Tim Elliot:  It would lead you to believe, wouldn’t it, that at some point in the not so distant future, wills for non Muslim couples will be recognized as a matter of course?

Ludmila Yamalova:  Absolutely.  For sure.  I think it is already, in many ways, the case, especially as far as Abu Dhabi is concerned.  Abu Dhabi has not only introduced this law, but over the last year and a half it has expanded the scope of the law, basically inviting and opening up its borders, not just to Abu Dhabi residents but particularly for marriages, for example.  I think as time goes on and as this new federal law is implemented and integrated further that it will be just a matter of course that it will be easy to get married, perhaps very similar to how it is in other countries, and equally so with regard to wills.  To register a will is going to be similar to how it would be in other countries.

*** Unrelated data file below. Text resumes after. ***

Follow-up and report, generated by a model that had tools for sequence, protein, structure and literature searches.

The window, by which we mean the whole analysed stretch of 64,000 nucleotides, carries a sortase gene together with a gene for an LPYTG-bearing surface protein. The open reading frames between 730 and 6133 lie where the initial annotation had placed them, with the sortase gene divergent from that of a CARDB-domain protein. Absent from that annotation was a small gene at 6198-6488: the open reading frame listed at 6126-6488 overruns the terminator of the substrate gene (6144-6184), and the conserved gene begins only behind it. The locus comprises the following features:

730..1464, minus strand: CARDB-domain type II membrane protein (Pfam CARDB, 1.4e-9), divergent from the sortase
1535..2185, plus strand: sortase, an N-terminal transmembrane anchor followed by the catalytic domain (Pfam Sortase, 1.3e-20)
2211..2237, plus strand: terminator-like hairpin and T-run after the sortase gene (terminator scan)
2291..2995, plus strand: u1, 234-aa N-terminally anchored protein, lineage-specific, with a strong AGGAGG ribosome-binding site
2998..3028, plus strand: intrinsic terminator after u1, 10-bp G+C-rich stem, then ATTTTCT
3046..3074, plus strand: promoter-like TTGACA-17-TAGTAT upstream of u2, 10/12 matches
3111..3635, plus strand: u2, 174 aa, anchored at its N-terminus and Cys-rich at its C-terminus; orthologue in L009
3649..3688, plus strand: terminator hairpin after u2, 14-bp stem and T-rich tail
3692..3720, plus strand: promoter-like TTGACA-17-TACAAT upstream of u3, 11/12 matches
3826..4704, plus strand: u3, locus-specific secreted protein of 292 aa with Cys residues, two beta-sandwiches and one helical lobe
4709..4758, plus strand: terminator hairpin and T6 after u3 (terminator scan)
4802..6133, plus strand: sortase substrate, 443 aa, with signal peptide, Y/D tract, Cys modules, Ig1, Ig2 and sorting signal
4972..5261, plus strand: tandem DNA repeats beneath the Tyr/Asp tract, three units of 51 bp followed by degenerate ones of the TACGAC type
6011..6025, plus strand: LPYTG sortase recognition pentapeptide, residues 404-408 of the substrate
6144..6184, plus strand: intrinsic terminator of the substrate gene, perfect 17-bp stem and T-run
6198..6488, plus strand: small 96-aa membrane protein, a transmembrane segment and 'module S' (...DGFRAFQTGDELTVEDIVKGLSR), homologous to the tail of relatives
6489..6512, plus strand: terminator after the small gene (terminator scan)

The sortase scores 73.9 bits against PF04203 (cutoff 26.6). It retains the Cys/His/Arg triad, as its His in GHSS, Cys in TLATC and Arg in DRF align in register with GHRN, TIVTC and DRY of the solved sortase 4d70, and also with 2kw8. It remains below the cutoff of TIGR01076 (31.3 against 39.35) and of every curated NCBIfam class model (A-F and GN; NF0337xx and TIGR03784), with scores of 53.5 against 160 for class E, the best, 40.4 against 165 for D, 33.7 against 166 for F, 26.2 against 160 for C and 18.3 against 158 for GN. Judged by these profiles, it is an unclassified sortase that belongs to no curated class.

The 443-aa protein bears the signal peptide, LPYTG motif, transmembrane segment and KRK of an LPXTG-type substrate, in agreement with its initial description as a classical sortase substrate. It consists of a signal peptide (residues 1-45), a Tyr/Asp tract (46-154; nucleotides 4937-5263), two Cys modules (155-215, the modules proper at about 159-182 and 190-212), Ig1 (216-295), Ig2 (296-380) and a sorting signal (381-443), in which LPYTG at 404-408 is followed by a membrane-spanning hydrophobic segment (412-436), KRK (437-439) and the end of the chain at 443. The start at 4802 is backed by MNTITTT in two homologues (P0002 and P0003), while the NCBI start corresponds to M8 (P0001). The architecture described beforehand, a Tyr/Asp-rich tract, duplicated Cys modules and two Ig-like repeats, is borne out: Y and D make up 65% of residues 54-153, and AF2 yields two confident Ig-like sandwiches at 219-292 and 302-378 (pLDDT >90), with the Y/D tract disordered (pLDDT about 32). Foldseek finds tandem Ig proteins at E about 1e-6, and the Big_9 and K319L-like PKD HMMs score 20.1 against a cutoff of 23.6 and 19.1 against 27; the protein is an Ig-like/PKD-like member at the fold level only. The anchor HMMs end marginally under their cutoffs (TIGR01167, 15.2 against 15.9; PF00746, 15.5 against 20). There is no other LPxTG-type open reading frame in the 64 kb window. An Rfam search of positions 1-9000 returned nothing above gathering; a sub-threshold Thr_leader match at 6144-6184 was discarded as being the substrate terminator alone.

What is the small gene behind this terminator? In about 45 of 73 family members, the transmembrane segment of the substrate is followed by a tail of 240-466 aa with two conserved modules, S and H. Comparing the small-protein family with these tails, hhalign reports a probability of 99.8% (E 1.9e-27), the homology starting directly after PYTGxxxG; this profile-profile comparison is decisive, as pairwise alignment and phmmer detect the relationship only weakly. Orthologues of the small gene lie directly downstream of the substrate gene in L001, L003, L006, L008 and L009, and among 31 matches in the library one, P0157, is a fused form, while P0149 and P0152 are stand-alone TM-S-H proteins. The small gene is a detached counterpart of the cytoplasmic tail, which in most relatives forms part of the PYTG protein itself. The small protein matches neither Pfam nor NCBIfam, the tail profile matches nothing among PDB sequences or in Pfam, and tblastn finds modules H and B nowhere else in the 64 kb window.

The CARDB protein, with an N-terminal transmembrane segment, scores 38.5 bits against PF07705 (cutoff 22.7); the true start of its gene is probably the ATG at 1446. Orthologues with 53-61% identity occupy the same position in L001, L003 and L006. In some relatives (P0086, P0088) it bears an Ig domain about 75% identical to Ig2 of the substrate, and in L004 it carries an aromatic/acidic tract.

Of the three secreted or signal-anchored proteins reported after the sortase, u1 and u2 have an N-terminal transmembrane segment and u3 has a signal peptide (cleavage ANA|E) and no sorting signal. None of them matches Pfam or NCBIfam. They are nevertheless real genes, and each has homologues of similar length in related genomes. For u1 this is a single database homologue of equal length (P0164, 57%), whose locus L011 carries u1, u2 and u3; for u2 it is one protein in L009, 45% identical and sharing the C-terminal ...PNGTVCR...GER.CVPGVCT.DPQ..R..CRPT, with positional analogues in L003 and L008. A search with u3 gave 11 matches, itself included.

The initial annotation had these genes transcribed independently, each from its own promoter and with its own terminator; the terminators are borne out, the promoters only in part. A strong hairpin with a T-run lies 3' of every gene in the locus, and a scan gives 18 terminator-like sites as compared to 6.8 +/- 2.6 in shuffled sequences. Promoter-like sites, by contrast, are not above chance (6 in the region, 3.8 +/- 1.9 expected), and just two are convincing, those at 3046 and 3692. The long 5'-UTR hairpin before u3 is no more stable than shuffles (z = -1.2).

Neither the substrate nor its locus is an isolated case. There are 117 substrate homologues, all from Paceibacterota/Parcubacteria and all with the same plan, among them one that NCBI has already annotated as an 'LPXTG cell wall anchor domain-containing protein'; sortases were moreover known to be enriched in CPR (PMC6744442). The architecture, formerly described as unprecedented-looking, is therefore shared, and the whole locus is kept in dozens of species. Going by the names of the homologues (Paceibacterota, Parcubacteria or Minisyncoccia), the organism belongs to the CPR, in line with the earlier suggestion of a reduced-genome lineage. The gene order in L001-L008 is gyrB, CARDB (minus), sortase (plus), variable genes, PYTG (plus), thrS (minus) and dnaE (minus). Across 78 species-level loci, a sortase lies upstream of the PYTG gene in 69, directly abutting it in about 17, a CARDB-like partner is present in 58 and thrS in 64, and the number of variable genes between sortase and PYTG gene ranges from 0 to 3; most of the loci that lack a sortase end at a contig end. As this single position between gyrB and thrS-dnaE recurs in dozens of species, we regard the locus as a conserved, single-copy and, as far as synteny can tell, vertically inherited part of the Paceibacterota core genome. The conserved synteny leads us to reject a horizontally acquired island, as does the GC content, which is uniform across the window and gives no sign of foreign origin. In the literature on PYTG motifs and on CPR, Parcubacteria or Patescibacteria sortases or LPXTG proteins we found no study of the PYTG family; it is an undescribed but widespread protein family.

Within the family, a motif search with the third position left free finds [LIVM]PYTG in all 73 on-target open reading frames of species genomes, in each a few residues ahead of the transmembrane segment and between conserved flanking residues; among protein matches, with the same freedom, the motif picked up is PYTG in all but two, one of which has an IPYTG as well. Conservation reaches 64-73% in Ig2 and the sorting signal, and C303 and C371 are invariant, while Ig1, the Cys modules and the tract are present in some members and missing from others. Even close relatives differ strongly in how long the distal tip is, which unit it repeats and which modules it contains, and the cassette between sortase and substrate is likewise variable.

Tim Elliot:  I’m reading, Ludmila, in the absence of a will – I guess at the moment this could slip through the net, as it were – the law provides for an equal distribution of the estate and that is regardless of gender.